This section is from the book "A Treatise On Architecture And Building Construction Vol2: Masonry. Carpentry. Joinery", by The Colliery Engineer Co. Also available from Amazon: A Treatise On Architecture And Building Construction.
88. Formerly, caissons were used exclusively for the foundations of bridge piers, but the advent of steel skeleton construction, and consequent erection of very lofty buildings, have caused caissons to be used for building foundations.
89. A caisson is a chamber of iron or wood that is used in the construction of deep foundations.
There are two different methods of reaching the required foundation.
First, when the desired depth is reached by excavating the material from the interior of a large timber or iron box, or cylinder, strongly constructed for the purpose, and then forcing the structure to sink against the exterior friction on its sides, by sufficient weights or loads placed in the caisson, until the required depth is reached. Structures of this kind are called open caissons or open cribs.
The second method is used when the foundations are to be carried to a great depth in very soft material or in water. The lower part of the caisson is then formed into an air chamber resting on the soil at the bottom. Air is pumped into this at a pressure corresponding to the depth below the surface, and the excavation is carried on by men working at the bottom, as in a large diving bell. Such a structure is called a pneumatic caisson.
After the crib or caisson is sunk to the proper level, either to rock or compact gravel, the inside space is filled with concrete; on this the piers or foundations are built, if the open caisson is used; and on top of the caisson, if the pneumatic method is used.
90. The work of sinking the cribs or caissons, is outside of the architect's province, and is usually entrusted to some firm of engineering contractors who make a specialty of work of this description, and who leave everything in readiness to construct the foundation walls or piers.
91. When a front or other wall is composed of isolated piers, it is well to combine all their footings into one, and to step the piers down, as shown in Fig. 29, in which a shows the concrete footing course, b, the stepped-up foundations of the piers, and c, the piers resting on the footings.
92. When there is not sufficient depth for this purpose, use is sometimes made of inverted arches; these are to be avoided unless the foundation wall is from necessity very shallow, as great care is required to lay them properly, the slightest settlement in them having a disastrous effect upon the piers.
The end arch of the building must have sufficient pier or other support; otherwise it may throw the pier out, as shown by the dotted lines at a, a in Fig. 30.
This difficulty is overcome by the use of an iron rod, with iron plates and nuts, as shown in Figs. 31 and 32, thus securing the skewbacks in place.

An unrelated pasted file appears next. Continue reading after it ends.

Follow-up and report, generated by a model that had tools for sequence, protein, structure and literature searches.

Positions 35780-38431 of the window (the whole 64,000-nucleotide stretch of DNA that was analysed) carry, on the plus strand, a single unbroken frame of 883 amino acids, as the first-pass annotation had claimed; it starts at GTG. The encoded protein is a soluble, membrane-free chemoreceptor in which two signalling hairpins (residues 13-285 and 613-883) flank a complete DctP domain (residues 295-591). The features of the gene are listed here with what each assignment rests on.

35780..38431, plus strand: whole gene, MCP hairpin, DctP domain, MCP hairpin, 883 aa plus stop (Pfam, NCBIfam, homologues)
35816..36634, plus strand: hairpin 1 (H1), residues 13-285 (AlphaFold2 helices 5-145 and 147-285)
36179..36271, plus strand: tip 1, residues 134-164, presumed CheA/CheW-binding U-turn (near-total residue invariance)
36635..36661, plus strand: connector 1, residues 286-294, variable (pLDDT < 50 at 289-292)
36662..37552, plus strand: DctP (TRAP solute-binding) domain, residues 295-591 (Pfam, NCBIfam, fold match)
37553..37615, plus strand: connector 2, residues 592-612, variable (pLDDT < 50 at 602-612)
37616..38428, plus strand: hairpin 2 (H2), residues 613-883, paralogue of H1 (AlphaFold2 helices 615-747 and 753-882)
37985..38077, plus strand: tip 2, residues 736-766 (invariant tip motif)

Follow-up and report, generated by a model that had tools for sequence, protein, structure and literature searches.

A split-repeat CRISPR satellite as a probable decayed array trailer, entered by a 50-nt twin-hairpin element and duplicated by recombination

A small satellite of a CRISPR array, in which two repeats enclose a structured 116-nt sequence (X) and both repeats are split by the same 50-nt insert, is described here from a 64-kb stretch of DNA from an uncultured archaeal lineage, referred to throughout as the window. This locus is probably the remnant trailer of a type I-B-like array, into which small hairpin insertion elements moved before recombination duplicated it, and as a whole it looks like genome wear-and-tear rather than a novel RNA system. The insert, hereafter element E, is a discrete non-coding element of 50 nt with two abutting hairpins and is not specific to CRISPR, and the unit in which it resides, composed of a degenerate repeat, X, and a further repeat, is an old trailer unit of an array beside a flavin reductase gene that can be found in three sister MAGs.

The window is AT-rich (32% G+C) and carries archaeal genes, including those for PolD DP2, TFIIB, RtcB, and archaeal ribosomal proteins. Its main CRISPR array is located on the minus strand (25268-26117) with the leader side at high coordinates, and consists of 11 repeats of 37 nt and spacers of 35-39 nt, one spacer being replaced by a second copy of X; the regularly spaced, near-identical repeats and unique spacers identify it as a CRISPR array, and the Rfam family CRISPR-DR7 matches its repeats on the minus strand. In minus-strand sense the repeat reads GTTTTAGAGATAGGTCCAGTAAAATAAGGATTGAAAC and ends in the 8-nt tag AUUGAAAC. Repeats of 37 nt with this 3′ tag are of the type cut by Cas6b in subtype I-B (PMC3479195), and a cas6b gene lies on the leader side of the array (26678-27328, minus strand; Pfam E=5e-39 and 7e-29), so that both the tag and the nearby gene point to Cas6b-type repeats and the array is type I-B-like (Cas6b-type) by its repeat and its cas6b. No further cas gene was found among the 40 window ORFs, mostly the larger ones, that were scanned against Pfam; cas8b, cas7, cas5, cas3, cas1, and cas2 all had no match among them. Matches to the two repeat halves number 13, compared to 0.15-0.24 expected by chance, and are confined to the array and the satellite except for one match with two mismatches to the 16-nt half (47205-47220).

93. The New York building law, in referring to inverted arches, provides as follows:
"If in place of a continuous wall, isolated piers are to be built to support the superstructure (where the nature of the ground and the character of the building make it necessary), inverted arches shall be turned between the piers, at least 12 inches thick, of the full width of the piers and resting upon a continuous bed of concrete of proper area, and at least 18 inches in thickness; or two footing courses of large stone may be used, the bottom course to be laid edge to edge and the top course laid end to end; or one course of concrete and one course of stone.
"The stones shall not be less than 10 inches thick in each course; the concrete shall not be less than 18 inches thick; the area of the lower course shall be equal to the area of the base course that would be required under a continuous wall, and the outside piers shall be secured to the second piers with suitable iron rods and plates."
At a is shown the 18 inches of concrete under the 12 inches of brickwork b. At c, c' are shown the stone skewbacks from which the brick arches spring, and d is the 2-inch iron rod tying the end pier e' to the second pier e, and thus preventing the thrusting out of the end pier. At (b) is shown the inverted arch in section.
Fig. 32 shows an inverted arch built of stone 24 inches thick. At (a) is shown the stone arch a, maintained in position by the iron tie-rod b, and at c, the brick foundation piers are shown upon the skewbacks d. At (b) is shown a section of the arch a, an end view of the tie-rod b, and elevation of the pier c.
95. The best form of inverted arch is the three-centered or elliptical, (as shown in Fig. 33); next, the pointed; third, the circular; and lastly, the segmental arch.
Fig. 33 represents the method of getting the lines for the centering in an elliptical arch. Divide the space shown on the line from a to b into three equal parts, then draw the three circles c, c, c so that the circumferences of these circles will be tangent at d, d. Then carry the perpendicular line e-f through the center of the middle circle; the point / where it intersects the circumference of the circle, gives the center of the arch from g to h. From f draw lines through d, d to g and h. The intersection of these lines at d, d gives the centers of the arch from g to a and from h to b. At k is shown the 12 inches of brick in the arch, and at / the concrete under it. This form of arch is used frequently in the construction of sewers.